Wed August 23, 2017
Advertisement
Can't connect right now! retry

add The News to homescreen

tap to bring up your browser menu and select 'Add to homescreen' to pin the The News web app

Got it!

add The News to homescreen

tap to bring up your browser menu and select 'Add to homescreen' to pin the The News web app

Got it!

Editorial

June 19, 2017

Share

Advertisement

Champions

Champions

When Pakistan was thrashed by India in its opening match of the Champions Trophy, the obituaries were already being written. But if there is one thing you can say about the Pakistan cricket team, it is that it exists to confound everyone. The team that was the lowest ranked of the eight countries in the tournament went on a tear, winning successive games against South Africa, Sri Lanka, England and then – most gloriously – India in the final. We have now completed the full set of international trophies and in the process lifted a nation that desperately needed some good news. After a long wait, after many ups and downs, Pakistan as a nation once again saw how quickly, how decisively and how joyously cricket can bring the country together, uniting people across class, ethnicity, gender and every other divide. The joy we saw on Sunday night as Pakistan lifted the ICC Champions Trophy for the first time was spontaneous and blazed through the very heart of the country as only genuine sentiment can. This was one of Pakistan’s most important cricketing victories with the team led by Sarfaraz Ahmed crushing India, the favourites, by 180 runs after posting a first innings score of 338 for 4 – the highest ever total in the ICC Champions Trophy. The two heroes for Pakistan were two of the most unheralded players in the team. Opener Fakhar Zaman only made his international debut in the second match of the tournament. He proceeded to score two half centuries and then a magnificent century in the final which knocked the stuffing out of the India team. The player of the tournament was pacer Hassan Ali, who ended up as the highest wicket-taker with 13 wickets and, entirely appropriately, took the final wicket as well. But this was a team effort, with everyone chipping in to do their bit and by the final even our much-maligned fielding had gone to a new level.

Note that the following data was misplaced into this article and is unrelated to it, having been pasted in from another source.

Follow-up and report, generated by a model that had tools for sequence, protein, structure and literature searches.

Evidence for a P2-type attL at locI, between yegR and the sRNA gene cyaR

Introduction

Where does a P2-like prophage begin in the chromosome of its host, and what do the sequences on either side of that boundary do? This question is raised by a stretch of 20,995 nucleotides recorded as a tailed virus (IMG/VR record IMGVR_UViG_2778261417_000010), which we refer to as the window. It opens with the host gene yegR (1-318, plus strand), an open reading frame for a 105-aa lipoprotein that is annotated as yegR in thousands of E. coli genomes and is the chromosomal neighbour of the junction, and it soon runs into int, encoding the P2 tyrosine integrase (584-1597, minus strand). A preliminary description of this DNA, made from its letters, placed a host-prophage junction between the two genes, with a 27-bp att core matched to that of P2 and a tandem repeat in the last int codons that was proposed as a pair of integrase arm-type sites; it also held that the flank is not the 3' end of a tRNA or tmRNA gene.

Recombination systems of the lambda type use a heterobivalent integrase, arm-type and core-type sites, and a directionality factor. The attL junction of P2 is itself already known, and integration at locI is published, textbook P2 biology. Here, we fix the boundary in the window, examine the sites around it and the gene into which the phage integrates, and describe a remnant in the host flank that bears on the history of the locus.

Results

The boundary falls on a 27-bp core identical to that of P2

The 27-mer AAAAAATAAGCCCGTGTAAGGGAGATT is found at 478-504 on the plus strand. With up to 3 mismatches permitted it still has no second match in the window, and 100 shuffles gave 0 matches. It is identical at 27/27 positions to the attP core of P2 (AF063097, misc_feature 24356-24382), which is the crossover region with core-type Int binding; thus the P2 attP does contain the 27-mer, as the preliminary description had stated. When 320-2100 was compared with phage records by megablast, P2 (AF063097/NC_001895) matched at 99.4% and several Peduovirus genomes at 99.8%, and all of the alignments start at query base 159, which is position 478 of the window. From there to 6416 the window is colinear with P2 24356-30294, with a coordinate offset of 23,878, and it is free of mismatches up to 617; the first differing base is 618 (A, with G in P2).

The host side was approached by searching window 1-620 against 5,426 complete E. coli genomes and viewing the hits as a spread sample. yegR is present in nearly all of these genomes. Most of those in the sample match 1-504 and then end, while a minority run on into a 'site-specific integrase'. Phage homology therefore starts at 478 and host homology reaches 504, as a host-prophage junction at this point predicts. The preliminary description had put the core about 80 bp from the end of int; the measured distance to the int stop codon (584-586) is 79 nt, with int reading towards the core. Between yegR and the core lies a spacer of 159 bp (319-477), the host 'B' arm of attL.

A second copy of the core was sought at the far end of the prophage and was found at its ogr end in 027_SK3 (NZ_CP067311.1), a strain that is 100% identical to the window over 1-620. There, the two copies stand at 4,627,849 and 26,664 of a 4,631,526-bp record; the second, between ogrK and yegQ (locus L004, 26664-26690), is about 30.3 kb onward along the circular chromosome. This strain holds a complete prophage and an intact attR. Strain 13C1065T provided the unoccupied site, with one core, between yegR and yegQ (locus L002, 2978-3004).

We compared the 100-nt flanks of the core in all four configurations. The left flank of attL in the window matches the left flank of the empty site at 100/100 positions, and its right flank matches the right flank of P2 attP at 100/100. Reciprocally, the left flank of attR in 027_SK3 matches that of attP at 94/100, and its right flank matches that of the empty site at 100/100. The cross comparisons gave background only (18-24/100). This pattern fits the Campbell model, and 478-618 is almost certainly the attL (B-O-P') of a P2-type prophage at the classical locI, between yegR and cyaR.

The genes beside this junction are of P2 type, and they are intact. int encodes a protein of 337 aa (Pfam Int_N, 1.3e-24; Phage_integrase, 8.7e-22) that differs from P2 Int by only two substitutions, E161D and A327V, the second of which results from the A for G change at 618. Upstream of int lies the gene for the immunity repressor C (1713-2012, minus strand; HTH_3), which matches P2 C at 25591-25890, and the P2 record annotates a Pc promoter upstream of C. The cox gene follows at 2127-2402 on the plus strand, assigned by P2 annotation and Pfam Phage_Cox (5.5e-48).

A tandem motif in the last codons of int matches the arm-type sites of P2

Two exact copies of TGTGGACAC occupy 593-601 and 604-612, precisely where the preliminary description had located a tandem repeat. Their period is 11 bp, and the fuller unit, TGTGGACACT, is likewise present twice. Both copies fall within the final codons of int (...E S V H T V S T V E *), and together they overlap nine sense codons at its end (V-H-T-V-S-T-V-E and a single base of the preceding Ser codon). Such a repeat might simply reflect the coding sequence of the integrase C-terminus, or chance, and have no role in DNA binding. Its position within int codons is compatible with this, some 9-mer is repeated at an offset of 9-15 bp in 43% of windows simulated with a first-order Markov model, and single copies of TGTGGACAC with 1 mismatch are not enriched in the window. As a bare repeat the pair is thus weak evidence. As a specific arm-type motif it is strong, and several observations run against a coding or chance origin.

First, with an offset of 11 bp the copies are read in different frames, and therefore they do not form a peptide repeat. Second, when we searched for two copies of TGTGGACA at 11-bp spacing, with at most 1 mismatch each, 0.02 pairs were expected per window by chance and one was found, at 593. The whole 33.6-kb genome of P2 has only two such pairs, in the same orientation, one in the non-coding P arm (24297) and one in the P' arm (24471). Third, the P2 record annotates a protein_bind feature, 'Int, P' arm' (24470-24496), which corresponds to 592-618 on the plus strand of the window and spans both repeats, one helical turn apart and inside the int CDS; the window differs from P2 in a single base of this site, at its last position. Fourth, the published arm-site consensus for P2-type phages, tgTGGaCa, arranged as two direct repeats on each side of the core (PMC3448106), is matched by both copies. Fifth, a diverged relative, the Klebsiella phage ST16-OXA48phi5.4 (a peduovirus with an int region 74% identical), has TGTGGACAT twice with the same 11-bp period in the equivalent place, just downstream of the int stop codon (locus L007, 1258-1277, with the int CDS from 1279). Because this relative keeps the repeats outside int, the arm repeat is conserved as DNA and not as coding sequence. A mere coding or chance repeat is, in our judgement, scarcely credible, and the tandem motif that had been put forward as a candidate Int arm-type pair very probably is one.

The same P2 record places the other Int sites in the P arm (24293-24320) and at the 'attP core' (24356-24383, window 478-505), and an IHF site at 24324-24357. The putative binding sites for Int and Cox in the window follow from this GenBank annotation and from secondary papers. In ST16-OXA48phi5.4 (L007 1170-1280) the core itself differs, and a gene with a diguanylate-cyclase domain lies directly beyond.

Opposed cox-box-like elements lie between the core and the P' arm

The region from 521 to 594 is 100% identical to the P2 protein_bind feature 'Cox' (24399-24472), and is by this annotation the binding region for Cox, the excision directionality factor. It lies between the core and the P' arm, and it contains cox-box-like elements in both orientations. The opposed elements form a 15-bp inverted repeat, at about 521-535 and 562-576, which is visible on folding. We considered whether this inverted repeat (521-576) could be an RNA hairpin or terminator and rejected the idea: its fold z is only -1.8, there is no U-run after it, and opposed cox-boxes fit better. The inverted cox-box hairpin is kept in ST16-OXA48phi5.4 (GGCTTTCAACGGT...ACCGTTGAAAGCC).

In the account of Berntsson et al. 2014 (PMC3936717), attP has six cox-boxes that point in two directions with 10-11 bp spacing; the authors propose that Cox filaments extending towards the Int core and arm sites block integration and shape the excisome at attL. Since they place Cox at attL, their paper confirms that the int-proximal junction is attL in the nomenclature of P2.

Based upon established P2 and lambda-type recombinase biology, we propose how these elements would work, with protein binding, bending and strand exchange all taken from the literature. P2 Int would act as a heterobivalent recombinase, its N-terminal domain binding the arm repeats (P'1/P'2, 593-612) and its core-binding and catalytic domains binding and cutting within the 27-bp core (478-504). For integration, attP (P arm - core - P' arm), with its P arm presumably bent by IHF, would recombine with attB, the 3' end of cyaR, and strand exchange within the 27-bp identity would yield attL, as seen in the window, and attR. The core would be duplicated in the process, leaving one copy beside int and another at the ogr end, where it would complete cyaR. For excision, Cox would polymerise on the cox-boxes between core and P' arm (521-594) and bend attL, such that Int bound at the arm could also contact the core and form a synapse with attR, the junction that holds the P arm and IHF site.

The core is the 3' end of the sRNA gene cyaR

To put the magnitude of the Champions Trophy victory into perspective, keep in mind that Pakistan has not been able to play at home for nearly a decade, depriving the board of revenue, players of practise and fans of the opportunity to see its heroes in the flesh. Despite that, since Pakistan’s international exile we have managed to win a T20 World Cup, reach number one in the Test rankings and now added the Champions Trophy to the haul. There were many who thought the retirement of stalwarts Misbah-ul-Haq and Younus Khan would derail the team but new ODI captain Sarfaraz Ahmed was a picture of calm throughout. The team got better as the tournament progressed and got its dream final after England were coolly dispatched in the semi final. Pakistan then posted 338, one of our highest totals in ODI and then Mohammed Aamir ripped the heart out of the Indian batting line-up with three quick wickets. After that victory was assured and we clinically got the job done. The many structural problems that plague Pakistan cricket still exist but now is a time for celebration. That a cricket team that has had to struggle so much in so many ways somehow manages to produce some of the most unexpected wins is why we love this team so much and stick with it through everything. The spirit at the Oval too was excellent, and sport has once more demonstrated how it can overcome all else and raise spirits and inspire hope within an entire nation.

 

Advertisement

Comments

Advertisement

Topstory

Opinion

Newspost

Editorial

National

World

Sports

Business

Karachi

Lahore

Islamabad

Peshawar

Advertisement